These were not just in terms of the horrific losses – still a ‘state secret’ in China – but also in that the victorious Dengist regime was able to steamroller ahead largely unopposed with its pro-capitalist ‘reforms’ – plundering state property in order to enrich the ‘princeling’ heirs of the old Maoist-Stalinist bureaucracy and enable the new generation to convert themselves into capitalist industrial and financial magnates while still wedded to an authoritarian state. This process, still relatively incipient in the 1980s, had been one of the triggers for the 1989 movement. The ‘princelings’ of 1989 – mere amateurs compared to today’s powerful figures – were universally vilified on Beijing’s mass demonstrations.

With the movement bloodily crushed and the spectre of mass protests thereby exorcised for a long period, the process of capitalist restoration from within the bureaucratic state apparatus would resume with renewed force after a temporary interruption in 1990-91, a period in which the Beijing regime reconsolidated its internal rule and repositioned itself internationally, assimilating the lessons of the collapse of other Stalinist bureaucratically planned economies in Russia and Eastern Europe.

The Chinese regime was able to profit from the political confusion that disorientated and stymied the organisational and fighting capacity of the working class worldwide after the collapse of the Stalinist regimes, widely and incorrectly presented by capitalist propaganda as the defeat of ‘socialism’. As this pamphlet explains, these dictatorial regimes were never socialist, although they rested upon state-owned economies, rather than capitalist economies. This was a crucial difference that imbued these societies with the potential to develop in a more balanced, rapid and planned fashion than any capitalist economy, but only on the condition that bureaucratic control was overthrown and a genuine socialist system of democratic planning and management installed. Unfortunately, this did not happen and the prolongation of stultifying bureaucratic rule sapped the planned economies of all dynamism and plunged these societies into economic regression and crisis.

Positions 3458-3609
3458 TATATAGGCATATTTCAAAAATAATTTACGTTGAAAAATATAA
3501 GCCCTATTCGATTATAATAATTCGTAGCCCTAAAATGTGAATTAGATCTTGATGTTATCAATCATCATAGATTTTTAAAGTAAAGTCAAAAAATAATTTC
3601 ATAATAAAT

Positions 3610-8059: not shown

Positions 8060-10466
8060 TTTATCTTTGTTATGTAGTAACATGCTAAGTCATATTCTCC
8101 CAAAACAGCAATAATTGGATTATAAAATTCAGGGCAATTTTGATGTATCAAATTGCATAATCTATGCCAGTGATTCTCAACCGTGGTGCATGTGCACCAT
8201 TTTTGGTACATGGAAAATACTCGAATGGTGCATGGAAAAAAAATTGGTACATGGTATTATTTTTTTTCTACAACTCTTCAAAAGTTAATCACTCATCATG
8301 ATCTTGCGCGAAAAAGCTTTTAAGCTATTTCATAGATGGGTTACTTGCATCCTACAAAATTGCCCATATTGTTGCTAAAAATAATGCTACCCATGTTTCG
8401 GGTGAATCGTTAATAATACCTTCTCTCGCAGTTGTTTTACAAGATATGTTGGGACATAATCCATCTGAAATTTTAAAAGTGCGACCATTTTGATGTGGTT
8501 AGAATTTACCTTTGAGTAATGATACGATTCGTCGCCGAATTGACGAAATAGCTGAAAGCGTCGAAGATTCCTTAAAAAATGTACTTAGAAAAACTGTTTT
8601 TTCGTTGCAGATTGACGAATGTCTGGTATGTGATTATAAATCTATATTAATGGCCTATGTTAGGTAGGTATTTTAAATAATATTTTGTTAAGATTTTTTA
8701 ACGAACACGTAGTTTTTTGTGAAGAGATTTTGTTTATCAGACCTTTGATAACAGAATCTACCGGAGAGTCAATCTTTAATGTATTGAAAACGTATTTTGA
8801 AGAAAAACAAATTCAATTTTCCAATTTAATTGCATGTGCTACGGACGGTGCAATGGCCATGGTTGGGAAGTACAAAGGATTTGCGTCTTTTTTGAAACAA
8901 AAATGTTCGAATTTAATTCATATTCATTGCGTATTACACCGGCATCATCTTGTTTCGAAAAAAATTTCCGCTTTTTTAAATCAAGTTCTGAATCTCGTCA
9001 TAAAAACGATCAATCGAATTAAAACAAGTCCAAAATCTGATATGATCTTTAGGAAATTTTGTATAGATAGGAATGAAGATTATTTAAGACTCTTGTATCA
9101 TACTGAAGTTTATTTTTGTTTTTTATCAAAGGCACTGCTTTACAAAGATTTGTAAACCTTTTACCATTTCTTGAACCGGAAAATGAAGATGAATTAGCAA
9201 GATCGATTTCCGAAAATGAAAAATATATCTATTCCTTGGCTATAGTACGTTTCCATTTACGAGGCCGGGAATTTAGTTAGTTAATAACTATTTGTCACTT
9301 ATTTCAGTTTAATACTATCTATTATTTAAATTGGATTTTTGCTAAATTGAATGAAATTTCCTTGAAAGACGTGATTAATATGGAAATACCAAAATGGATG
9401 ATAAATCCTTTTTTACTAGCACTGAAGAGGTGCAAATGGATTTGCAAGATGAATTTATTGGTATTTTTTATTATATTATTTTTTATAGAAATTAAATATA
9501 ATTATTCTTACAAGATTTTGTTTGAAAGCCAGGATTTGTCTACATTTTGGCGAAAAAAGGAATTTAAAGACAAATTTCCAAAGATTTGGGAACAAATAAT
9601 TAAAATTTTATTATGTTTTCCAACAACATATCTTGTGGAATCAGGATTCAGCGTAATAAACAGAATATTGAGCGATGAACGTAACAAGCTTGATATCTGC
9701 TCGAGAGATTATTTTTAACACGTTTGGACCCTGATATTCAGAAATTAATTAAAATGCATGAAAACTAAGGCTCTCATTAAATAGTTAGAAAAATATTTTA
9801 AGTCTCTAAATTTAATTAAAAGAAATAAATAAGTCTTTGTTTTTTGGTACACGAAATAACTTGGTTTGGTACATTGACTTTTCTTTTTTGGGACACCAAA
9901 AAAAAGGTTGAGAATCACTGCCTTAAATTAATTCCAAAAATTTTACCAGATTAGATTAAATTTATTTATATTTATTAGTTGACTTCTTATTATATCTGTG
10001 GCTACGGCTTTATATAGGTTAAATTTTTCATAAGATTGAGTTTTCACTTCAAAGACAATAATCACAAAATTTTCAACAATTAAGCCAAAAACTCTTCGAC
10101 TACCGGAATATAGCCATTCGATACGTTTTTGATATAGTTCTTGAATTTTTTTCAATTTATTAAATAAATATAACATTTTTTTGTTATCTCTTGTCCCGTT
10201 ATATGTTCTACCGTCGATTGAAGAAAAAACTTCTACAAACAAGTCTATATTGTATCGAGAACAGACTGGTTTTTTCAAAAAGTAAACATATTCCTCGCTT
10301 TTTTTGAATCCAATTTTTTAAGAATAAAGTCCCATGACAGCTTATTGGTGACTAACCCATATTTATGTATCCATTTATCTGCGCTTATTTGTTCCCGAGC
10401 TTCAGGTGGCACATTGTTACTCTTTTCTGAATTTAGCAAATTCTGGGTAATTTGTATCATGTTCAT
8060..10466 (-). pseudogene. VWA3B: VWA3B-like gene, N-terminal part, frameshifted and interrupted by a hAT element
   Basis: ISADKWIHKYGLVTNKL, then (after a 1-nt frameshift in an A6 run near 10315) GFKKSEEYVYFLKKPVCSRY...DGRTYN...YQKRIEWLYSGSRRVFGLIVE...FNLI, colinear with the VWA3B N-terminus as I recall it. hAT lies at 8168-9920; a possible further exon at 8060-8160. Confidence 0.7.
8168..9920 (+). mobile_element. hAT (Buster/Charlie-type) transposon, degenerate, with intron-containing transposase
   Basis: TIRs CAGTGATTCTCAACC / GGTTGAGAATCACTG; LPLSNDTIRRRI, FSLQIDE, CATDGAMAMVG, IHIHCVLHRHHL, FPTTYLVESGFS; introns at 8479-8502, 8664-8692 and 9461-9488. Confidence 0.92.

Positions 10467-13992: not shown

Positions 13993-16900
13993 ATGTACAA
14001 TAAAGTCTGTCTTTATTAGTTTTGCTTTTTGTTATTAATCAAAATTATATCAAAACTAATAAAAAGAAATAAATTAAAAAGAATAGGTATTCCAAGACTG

Hong Kong remembers

The movement of 1989 contains vital lessons for the struggle against dictatorship today. This applies to China, Hong Kong and worldwide. The annual Hong Kong vigil on June 4 has taken on a different role in recent years as its numbers have grown and been replenished by a new generation. Numbers soared for the 20th anniversary in 2009, to an estimated 200,000, and in 2010 possibly exceeded even this number. Around a third of the participants last year were youngsters born after 1989. Also, significantly, thousands of mainland Chinese took themselves over the border to join this event. One newspaper interviewed an off-duty police officer from Guangdong province in the thick of the crowd. He was not alone, he said, other colleagues had also decided to take part.

The record turnouts in recent years are of great political significance. This is despite attempts over the years by some of Hong Kong’s pan-democratic establishment to depoliticise this event and de-link discussion about 1989 from its revolutionary tradition and the need for renewed struggle. This coincides with the split since 2010 in Hong Kong’s pan-democratic movement between an open compromise wing seeking accommodation with the dictatorship, and those who rightly reject this road.

Undoubtedly one of the reasons for the massive turnout in 2010 was the events surrounding the Legco ‘de facto referendum’ and the subsequent passage of a rotten electoral reform that perpetuates Hong Kong’s British-designed system of unelected bureaucratic governance. The 500,000 anti-government votes recorded on May 16, while dismissed as a “low” result by the Tsang administration, marked the radicalisation of a younger generation who subsequently poured into Victoria Park in their tens of thousands to mark the June 4 anniversary.

Capitalism and democracy

One of the aims of this pamphlet is to debunk the myth that capitalism stands on the side of democracy in China and Hong Kong. As Vincent Kolo explains, “Today, China is a lot more capitalist, but a lot less democratic than it was in 1989.” [Chapter 2, Tiananmen and the Working Class]

This is even clearer now, as China enters a new “dark age” of state repression, than when this was written in 2009. Other events have confirmed the anti-democratic stand of imperialist capitalist countries such as the US, Britain and the states of the European Union (EU). The revolutions in Egypt, Yemen and throughout the Arab world have targeted despotic regimes that are almost all propped up, armed and protected by US diplomacy.